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Refinancing your mortgage to pay down a pricey business loan

Dear Your Business Credit,
We have a business loan that was taken out when our business was doing well. With the new economy, our business is doing about a fourth of what it was. The loan is at $40,000 and a high interest rate. We have refinanced our home at a much lower interest rate and have taken out cash to clear our business debt and credit cards. Since our bank has made a lot of dollars on our business loan, I would like to know how to reduce what we pay every month with a cash payout. Is this a possibility? Thanks. — Jim

Dear Jim,
It’s smart to do your homework in a situation like this.

When I ran your question past Jeffrey M. Stibel, chairman and CEO of Dun & Bradstreet Credibility, which issues credit scores for businesses, he said that if you made a personal guarantee on the loan, then using your home equity line to pay down the business line could make sense. “Home equity lines are relatively affordable, lower risk since there is no personal guarantee, and — in this particular case — may be a good way to subsidize the business while it gets back on solid footing,” he said.

It could also help you avert the damage to your personal credit that you could potentially suffer if you can’t pay the business loan. “Business credit that is backed personally risks a personal bankruptcy,” he says.

Nat Wasserstein, a crisis manager with Lindenwood Associates in Upper Nyack, NewYork, and New York City, also agreed that refinancing your debt using your home equity line of credit could give you some breathing room. However, he says there’s a downside to tapping your home equity: “You’ll encumber personal assets for business,” he says. What happens if your business fails? You may end up with no way to bring in income and find yourself falling behind on your mortgage, which puts your house at risk.

I assume that when you say your business is doing a fourth of what it was, you are referring to sales. If that’s the case, you may have what Wasserstein calls an “upside down” balance sheet. You could have too much debt relative to the sales you’re taking in. That’s because you took out the loan at a time when you had four times more revenue.

In a scenario like this, Wasserstein recommends that entrepreneurs look for ways to get rid of the debt entirely and not just stretch it out. In an ideal scenario, you’d figure out a way to bring in a lot more money, so you could retire the loan by paying it off. That might mean coming up with a new product or service more profitable than what you are selling now — something you may need to do, anyway, if sales are a quarter of what they once were. Many businesses have had to reinvent themselves in a more digital and global economy, and brainstorming with your business advisors and mentors or a few fellow entrepreneurs that you trust could pay off. Taking a second job for a while may also help you build momentum in paying down the loan.

If those full-payback options are not possible, it’s worth considering another option: a “workout” or restructuring of the debt with your bank. Essentially, you need to alert the bank that you no longer have enough revenue to support the loan payments. This may enable you to negotiate an arrangement in which the bank forgives part of the debt so you can improve the balance sheet of your business.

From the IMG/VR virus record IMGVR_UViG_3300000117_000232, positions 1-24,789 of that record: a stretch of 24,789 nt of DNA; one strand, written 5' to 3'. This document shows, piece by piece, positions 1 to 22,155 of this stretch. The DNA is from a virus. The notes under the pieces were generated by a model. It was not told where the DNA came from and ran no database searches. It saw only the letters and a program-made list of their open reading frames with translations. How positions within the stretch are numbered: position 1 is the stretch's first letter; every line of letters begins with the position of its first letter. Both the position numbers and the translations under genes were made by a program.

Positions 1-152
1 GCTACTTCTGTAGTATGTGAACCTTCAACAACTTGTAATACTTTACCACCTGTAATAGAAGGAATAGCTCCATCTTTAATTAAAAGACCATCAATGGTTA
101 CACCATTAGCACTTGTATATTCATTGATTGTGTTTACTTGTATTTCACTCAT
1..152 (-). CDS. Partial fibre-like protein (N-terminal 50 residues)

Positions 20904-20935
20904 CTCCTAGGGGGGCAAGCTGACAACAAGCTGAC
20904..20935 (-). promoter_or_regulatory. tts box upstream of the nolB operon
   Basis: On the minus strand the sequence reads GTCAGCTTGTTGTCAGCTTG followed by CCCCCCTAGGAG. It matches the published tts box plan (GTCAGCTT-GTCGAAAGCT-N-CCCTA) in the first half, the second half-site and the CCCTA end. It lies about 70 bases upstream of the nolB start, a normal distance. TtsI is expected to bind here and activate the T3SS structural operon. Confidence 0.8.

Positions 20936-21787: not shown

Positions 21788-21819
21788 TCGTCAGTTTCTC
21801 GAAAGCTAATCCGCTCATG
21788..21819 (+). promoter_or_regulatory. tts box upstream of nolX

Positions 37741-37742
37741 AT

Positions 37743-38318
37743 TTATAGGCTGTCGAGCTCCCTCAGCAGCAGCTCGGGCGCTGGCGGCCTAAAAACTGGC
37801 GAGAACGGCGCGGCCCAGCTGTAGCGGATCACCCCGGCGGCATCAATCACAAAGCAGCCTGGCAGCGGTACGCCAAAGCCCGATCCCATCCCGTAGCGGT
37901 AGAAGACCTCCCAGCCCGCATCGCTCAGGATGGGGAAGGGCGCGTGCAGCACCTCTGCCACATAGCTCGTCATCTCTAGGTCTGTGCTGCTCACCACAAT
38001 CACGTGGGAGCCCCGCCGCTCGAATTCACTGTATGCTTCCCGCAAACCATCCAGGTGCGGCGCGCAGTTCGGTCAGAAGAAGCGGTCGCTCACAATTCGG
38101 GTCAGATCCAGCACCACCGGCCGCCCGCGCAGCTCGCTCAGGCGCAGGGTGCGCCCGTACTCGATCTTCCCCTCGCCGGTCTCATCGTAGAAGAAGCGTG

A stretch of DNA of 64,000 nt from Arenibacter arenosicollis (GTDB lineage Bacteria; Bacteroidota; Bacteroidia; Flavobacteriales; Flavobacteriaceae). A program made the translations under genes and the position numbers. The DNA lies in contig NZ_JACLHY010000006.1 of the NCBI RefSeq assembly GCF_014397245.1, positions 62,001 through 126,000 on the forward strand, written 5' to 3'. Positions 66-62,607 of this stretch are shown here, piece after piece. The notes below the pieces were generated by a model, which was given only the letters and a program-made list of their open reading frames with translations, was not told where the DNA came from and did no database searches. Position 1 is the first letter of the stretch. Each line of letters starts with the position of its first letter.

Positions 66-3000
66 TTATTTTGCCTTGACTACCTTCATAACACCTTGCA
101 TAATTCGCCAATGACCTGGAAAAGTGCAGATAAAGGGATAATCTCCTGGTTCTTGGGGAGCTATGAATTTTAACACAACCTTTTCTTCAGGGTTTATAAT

Why would a bank do this? A lender would rather that you keep the business open so you can pay back some of the debt than see you go out of business, he explains. If you close your doors, the bank will likely have to liquidate the business, and will probably walk away with less money than if you keep working and make loan payments. “It’s a risk management issue for the bank,” Wasserstein says.

However, this is not easy to orchestrate if it looks like you have some other means to pay the debt. “A bank workout when a business is doing that poorly is unlikely if the individual can afford to pay the loan as is,” says Stibel. Given that the loan is for $40,000 and not, say, $1 million, the bank may not buy an argument that you can’t come up with the money somehow.

Anyone looking to do a workout would need a turnaround professional to make a strong financial case to the bank that you cannot generate the necessary sales to pay down the loan, Wasserstein says. Once the bank has that information, it is under an obligation to write down the loan, he says. “They have no choice,” he says. “They can’t lie to bank regulators when evidence is being presented to them that a loan is no good.” Once a bank writes down the loan, it is a lot easier to forgive, he says.

If you want to go this route, don’t just walk into your bank and try to negotiate the terms yourself. This is a complex negotiation, and you need a financial professional with experience in restructuring a business on your side, says Wasserstein.

As in many areas of financial services, some professionals in this area are more reputable than others. He suggests talking to a well-respected attorney in your community who handles business bankruptcies to see if he or she can recommend a good turnaround professional. The Turnaround Management Association, a nonprofit group with more than 9,000 members, is another potential source.

Having interviewed several entrepreneurs who have gone through a workout with a bank over the years, I can tell you that it was extremely stressful for many of them. The bank may play hardball. But in some cases, it may be worth enduring if you emerge with a much lower debt burden and can save your business. Good luck — and please check back in and let me know how you’re doing.

See related: Finding a free bankruptcy lawyer for business, consumer debt, If your company fails, your credit card rate can rise, Repayment, settlement, bankruptcy: Facing debt from failed business

Refinancing your mortgage to pay down a pricey business loanNo 2-in-1 card for tax-exempt organizationsDangers of putting business expenses on a personal cardFinanceDebt […]